Kreisler Competition 2005

October 5, 2005 at 05:12 AM · Does anybody know who won the Kreisler competition?

I saw a list of the 6 finalists somewhere on a japanese website, but that's all I could understand!!

The finalists were Fanny Clamagirand,Andreas Janke,Antal Szalai, Leticia Munoz, Kyoko Yonemoto and Lucia Madziar!

Replies (57)

October 5, 2005 at 07:33 AM · yes i know. i've been to the final:

Fanny Clamagirand won the 1rst prize. Letizia Moreno the 2ond and i forgot her name,the girl who played Paganini at Queen Elizabeth won the 3rd. Antal won the 4th, Andreas Janke the 5th and some Polish girl the 6th.

i was happy that Fanny won,she desterved it. i mean from the final she was definitely the best ( from my poinst of view). ok i mean her Sibelius wasnt perfect perfect but it was really BIG if you know what i mean :)))

Letizia played Schostakovich 1rst. it was nice,but nothing to do with Schostokovich. but it was "made". she gave everything, really,but that wasnt enought. what to say about the Japanease girl?? perfect, perfect, perfect :) and verry verry nice sound. but it was a little bit boring, i think.

just to say, Sasha Sitkovetsky didnt come to the final,wich a thought was really horrible. i heard him a semi-final and i loved him. but well....thats life !! :)did anyone from here went to the final ?

October 5, 2005 at 05:10 PM · no unfortunatelly, I could not be there to see the competition but I kept in close touch with some of the participants throughout. The girl who came last (the polish violinist) I have heard in the past. She won the Huml Competition in Zagreb. There I think something strange went on. She played her 2nd round really well. In particular I must outline the d-minor Brahms sonata that was played very convinsingly indeed and than much to my surprise she played a very average Brahms concerto in the final which was not memorable in any way except for it being a quarter tone sharp throughout. So I assume the girl can play on ocasions and there is something about her playing that makes the jury vote in her favour. of course it is all a dirty business... Antal also played in zagreb and I actually had the misfortune to play directly after him in both rounds that we did, though much to my astonishment he did not get through (neither did I but I was much less surprised by that). Antal pulled off quite a remarkable Mozart in the QE copmetition earlier this year.He is a trully marvelous violinist with a natural way of bowing and almost every aspect of his violin technique is admirable. Fanny I know only very slightly but she is good all rounder from what I hear. Leti... well... it is a matter of being there and seeing it I think... I heard her once some years ago when she came to the menuhin school in London to do chamber music as part of the Bron showcase masterclass. And i was swept away by her brightness and energetic stage presence. All in all this seems to have been a strong wettbewerb. None of my friends who I was supporting from a distance got through unfortunatelly. Some were knocked out of the first (Hayashi, Enomoto), some from second (Savitskaya, Sitkovetsky, Po-An Lin). But without being there and hearing it it would be silly to speculate. I hope everyone got a useful experience from the competition in the end. D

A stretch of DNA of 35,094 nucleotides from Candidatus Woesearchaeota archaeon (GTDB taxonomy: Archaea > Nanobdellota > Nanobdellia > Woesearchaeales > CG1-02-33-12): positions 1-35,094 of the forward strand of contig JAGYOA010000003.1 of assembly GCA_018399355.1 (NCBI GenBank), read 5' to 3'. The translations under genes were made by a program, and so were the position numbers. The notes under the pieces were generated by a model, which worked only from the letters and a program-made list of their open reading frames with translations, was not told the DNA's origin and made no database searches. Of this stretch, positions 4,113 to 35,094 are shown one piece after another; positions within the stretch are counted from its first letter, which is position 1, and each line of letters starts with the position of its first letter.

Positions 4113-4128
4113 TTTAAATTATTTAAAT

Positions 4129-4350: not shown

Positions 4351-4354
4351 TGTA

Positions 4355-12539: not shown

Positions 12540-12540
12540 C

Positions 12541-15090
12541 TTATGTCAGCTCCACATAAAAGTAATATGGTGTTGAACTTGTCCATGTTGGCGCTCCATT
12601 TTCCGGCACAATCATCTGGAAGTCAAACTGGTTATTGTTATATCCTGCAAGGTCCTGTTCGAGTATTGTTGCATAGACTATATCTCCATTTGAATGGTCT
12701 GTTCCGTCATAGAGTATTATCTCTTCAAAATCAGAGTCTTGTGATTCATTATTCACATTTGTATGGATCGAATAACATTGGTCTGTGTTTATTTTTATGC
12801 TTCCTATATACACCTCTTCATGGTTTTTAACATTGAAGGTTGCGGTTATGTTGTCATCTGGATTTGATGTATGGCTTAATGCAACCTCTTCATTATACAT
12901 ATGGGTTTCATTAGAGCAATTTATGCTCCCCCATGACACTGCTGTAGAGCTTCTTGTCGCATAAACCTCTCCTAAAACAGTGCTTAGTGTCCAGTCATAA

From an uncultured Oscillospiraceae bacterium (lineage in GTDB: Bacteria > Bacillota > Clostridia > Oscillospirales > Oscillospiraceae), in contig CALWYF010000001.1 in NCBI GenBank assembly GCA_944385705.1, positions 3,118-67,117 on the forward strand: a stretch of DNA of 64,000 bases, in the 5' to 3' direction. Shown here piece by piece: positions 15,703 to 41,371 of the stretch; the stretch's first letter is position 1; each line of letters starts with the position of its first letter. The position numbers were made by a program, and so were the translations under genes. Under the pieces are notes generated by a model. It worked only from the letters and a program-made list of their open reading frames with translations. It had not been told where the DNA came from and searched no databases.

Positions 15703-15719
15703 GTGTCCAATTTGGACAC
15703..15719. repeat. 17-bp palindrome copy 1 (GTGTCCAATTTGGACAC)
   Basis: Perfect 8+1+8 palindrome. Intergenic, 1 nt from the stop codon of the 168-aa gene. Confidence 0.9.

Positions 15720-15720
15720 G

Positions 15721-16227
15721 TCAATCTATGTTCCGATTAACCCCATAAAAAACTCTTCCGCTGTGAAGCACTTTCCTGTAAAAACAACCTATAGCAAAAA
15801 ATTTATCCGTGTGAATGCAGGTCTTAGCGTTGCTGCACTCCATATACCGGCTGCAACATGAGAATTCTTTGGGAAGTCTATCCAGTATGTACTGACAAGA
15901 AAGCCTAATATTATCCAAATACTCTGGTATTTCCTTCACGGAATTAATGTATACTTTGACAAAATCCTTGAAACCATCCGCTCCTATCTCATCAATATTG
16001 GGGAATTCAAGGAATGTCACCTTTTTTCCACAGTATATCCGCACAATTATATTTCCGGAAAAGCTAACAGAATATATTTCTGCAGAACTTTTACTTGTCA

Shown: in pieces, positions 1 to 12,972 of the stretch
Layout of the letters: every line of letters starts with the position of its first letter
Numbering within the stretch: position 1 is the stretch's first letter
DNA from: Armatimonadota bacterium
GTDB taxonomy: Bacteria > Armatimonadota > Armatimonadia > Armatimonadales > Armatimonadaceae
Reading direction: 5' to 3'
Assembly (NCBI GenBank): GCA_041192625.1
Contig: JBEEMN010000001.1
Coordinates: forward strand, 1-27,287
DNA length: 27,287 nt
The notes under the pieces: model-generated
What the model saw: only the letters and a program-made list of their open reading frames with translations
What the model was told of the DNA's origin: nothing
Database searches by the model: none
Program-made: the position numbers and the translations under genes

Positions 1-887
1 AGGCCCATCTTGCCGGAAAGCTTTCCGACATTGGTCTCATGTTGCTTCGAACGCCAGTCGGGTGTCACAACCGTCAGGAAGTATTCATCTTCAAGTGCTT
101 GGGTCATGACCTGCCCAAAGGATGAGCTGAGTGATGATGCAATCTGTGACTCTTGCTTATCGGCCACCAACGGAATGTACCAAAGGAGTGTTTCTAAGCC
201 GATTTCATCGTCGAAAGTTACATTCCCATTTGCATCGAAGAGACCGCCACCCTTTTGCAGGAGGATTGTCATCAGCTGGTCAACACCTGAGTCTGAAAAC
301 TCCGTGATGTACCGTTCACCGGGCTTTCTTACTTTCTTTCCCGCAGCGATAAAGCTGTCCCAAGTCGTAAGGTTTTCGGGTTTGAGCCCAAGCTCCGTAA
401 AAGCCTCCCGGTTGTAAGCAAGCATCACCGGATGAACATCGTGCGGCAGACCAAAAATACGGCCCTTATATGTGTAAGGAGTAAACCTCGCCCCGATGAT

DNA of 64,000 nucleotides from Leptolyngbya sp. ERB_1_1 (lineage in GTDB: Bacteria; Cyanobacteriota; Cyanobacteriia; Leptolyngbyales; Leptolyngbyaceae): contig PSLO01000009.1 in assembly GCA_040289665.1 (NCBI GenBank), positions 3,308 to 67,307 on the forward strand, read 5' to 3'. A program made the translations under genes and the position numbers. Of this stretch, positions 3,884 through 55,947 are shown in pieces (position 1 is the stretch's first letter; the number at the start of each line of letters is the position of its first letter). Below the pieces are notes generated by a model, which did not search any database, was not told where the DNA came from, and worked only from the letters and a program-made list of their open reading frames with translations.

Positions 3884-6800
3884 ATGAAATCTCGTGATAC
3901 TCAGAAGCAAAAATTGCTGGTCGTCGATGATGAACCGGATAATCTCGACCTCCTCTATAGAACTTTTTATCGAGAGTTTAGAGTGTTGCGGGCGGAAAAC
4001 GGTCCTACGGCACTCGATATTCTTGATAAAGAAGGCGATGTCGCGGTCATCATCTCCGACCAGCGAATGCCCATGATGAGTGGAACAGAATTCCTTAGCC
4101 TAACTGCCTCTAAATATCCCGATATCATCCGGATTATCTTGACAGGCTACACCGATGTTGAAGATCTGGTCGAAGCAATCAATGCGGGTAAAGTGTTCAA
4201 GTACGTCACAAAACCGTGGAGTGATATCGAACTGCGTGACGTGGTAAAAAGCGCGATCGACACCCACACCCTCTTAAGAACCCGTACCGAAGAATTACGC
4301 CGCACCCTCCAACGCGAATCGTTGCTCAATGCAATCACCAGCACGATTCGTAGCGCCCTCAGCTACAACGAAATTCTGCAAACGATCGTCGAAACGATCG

October 5, 2005 at 06:44 PM · i have to say that i do not think that the competition was so strong. i'm sorry, but Sasha plays 100000 times better then this Polish girl or Andreas!!! Fanny and the Japanese girl were shurely the best in the final, but tht Antal didnt make it is absurd. he is a great musician...

anyway it was interessting and i have verry big respect from Pavel Vernikov. he is really nice, i like him verry much,and he is a great teacher :)

so...anyone other who thinks something about Kreisler competition?

October 5, 2005 at 07:08 PM · Is there some kind of conspiracy against Antal?

He got robbed at QE... I can understand giving Sergei the gold, but Antal not even placing is a bit of a joke to me.

October 5, 2005 at 08:30 PM · Pieter, I was thinking of it too. Antal deserved to be amongst greatest, indeed. It was strange that he was underrated. It is not the only my opinion...

October 5, 2005 at 09:19 PM · I was watching my Q.E. saves of him and Jaffee and Alena Baeva just now. He is great to watch. He reminds me so much of Oliver Hardy with a violin. It even looks like he's doing takes sometimes. Jaffee was more interesting to me musically, playing basically the same piece. Baeva, her bow hold and her arm, they somehow look like the sound she produces. Students could learn a lot about tone by soaking in that impression, I think. Plus I can see the wheels spinning in her head as she plays. All in all, she's my fave.

October 5, 2005 at 10:32 PM · Baeva was amazing, like all the others there. I'm still not over Antal not making it. In my opinion, he may very well become one of the great violinists of the 20th century.

October 6, 2005 at 07:30 AM · i'm on the same opinion as all you guys !!! Antal is amazing,he's justsuch a great musician...